How come the iron in our blood doesn’t seep out during an MRI scan?

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How come the iron in our blood doesn’t seep out during an MRI scan?

In: Chemistry

Because they are not simply iron ions dissolved in water, but they are bound to the enzyme [Haemoglobin]( https://en.wikipedia.org/wiki/Hemoglobin). Basically, they’re part of a much larger molecule and shielded by the enzyme.

The iron in your blood exists as individual ions which are then bound to proteins. These ions are restricted in movement and cannot easily form magnetic domains, where each iron atom in a domain is “pointing” in the same direction. This is a pre-requisite for magnetic properties.

Since the iron in your blood cannot from magnetic domains, it cannot demonstrate significant magnetic properties and will not be attracted out of your body by the MRI.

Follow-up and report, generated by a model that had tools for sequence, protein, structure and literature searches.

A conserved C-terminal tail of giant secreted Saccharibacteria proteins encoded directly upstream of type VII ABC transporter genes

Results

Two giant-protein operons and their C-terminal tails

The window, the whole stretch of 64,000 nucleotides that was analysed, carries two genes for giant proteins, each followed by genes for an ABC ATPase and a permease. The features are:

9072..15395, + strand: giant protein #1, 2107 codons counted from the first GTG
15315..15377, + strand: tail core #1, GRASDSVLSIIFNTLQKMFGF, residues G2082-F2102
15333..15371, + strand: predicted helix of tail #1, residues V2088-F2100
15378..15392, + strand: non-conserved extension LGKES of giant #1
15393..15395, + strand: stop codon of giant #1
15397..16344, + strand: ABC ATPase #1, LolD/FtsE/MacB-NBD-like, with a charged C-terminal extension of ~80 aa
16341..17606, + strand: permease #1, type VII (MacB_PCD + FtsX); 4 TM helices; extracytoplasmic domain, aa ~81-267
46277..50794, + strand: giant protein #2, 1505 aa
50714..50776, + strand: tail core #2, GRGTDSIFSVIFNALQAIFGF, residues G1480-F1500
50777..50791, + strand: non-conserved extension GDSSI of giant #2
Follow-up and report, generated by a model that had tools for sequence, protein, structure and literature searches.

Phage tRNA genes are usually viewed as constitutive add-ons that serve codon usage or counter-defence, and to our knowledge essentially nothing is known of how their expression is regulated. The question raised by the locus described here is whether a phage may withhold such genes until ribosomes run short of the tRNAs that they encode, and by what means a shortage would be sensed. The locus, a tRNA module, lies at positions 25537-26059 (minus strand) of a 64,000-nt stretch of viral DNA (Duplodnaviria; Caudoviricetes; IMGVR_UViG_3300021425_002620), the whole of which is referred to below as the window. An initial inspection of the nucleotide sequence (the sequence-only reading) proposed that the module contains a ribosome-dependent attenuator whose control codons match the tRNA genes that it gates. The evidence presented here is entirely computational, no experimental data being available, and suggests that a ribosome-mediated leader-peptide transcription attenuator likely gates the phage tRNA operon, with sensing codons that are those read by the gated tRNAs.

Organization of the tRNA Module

Iron is magnetic because when it is clumped together, the electrons connecting the the material move much more freely then in combination with other things like carbon (including iron mixed with other things)

When magnet gets close to iron, some of the electrons can alight themselves with the magnet and make the iron magnitized. You can even make the iron stay magnetic afterwards.

However this is a property of a CLUMP of PURE iron. Bond the iron with something else or try it with a single atom of iron and this won’t happen.

Think of it like water. In a group it’s a liquid and can hold objects up. On its own it’s just dust.